For wormeries, compost can be harvested in 6-12 months for a box (harvest entire contents at once) or in 1-2 months for a stackable wormery (harvest small amounts at a time). Proper use of Bokashi should speed up the decomposition of food scraps in your composting or burial system too.
In June 2017 the Government made a decision to phase out flat fees for household waste collection. Over the period Autumn 2017 to Autumn 2018 all household customers should be moved to pricing plans which includes a charge based on usage when they go to renew their contracts.
By October 2018 all household customers should have transitioned from flat fees.
A flat rate fee is when a customer pays a single agreed price for waste collection. The payments can be monthly quarterly or annually. This does not change no matter how many times the bins are put out for collection or how heavy the bin is.
No matter how much or how little you create, you pay the same price for collection.
Only if you are currently on a flat rate charge bin collection service. More than half of Irish households will not be affected by the changes as they are already using a pay by weight system or pay each time their bins are collected.
The Government has not introduced any changes to recycling or organic/food bin charges.
These charges depend on your service provider. Some collectors charge separately for them, and some collectors bundle them in your collection fees.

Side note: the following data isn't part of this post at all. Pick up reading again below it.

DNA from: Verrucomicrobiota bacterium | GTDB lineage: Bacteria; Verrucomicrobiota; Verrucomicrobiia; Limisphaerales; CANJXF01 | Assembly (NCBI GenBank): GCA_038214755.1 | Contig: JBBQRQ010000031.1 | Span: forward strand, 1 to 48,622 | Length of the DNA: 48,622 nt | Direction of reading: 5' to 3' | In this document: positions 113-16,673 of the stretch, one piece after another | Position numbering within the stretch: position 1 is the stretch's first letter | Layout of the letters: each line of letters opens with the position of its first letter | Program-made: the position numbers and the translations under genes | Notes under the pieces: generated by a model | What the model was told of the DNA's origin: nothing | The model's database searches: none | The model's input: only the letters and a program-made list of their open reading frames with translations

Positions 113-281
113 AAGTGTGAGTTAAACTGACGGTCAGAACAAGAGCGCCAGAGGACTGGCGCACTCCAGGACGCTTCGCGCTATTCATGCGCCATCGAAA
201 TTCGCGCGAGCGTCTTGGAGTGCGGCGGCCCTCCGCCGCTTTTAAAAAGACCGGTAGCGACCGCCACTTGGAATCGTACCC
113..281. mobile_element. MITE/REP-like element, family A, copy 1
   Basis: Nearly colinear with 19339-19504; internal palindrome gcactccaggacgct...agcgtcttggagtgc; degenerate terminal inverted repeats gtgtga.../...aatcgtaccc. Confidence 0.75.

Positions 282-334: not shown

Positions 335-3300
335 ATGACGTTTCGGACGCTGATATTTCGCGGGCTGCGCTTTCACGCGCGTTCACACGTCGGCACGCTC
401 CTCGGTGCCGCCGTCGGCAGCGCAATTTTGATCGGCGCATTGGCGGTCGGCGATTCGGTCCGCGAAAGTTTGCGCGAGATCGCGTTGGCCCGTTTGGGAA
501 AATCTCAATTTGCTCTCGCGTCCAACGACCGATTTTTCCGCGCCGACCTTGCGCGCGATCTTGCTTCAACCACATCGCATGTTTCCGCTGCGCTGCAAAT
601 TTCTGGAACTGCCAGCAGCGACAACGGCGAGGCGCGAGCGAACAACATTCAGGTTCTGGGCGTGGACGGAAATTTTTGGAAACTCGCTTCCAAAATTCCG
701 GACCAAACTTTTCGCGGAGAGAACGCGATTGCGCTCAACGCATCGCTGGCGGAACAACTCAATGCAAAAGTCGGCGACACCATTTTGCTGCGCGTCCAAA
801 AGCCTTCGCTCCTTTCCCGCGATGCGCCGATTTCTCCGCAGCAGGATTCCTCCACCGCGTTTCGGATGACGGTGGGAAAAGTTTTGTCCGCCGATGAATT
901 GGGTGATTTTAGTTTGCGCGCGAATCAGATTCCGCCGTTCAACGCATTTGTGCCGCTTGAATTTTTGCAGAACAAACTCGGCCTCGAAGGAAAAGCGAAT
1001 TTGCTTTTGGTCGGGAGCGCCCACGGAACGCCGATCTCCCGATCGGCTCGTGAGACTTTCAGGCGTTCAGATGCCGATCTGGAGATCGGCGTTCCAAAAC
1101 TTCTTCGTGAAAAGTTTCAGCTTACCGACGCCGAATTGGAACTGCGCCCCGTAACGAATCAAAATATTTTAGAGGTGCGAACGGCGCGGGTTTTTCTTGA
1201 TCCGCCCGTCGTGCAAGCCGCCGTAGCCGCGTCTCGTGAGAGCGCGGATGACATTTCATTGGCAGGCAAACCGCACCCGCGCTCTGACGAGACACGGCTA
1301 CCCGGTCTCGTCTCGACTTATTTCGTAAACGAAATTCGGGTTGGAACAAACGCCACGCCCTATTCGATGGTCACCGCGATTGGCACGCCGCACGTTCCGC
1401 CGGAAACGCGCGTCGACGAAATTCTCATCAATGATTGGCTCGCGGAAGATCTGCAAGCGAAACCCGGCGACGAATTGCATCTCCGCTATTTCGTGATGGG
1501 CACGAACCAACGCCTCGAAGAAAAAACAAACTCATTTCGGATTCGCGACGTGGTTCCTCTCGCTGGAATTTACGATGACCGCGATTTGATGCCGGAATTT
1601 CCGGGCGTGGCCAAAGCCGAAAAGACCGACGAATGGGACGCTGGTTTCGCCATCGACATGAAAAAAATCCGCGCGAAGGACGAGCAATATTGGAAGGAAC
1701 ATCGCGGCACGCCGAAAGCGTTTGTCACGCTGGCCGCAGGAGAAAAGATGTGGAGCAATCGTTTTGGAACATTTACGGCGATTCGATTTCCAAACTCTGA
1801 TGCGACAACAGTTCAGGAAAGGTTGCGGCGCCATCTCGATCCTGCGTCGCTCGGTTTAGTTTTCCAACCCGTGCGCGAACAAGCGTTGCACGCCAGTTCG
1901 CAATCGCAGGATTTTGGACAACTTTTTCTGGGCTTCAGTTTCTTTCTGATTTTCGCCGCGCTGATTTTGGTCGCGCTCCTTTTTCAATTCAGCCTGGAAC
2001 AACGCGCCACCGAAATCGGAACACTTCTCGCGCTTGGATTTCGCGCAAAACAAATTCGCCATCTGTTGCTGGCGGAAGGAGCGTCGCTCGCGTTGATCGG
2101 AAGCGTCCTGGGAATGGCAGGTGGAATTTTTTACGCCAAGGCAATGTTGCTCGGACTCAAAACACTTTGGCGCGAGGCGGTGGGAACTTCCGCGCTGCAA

Since September 2017, when you are renewing your contract, you should be offered a plan which includes:
Most companies also charge a set amount for standing/service charges.
It depends when your current flat rate contract runs out. The first thing you should do is contact the company who collect your bins now and ask them when they plan to change. That way you can plan ahead.
Yes, that is currently the case.
It is open to a bin collector to change the service pricing plan within the bounds of consumer and contract legislation. You should keep in contact with your service provider and do everything you can to reduce your waste in order to control costs and help the environment.
The Minister has put in place a Price Monitoring Group to track monthly pricing developments in the market. The group comprises representatives from:
In addition, the Tánaiste and Minister for Business, Enterprise and Innovation, have asked the Competition and Consumer Protection Commission (CCPC) to conduct a study on the operation of the household waste collection market.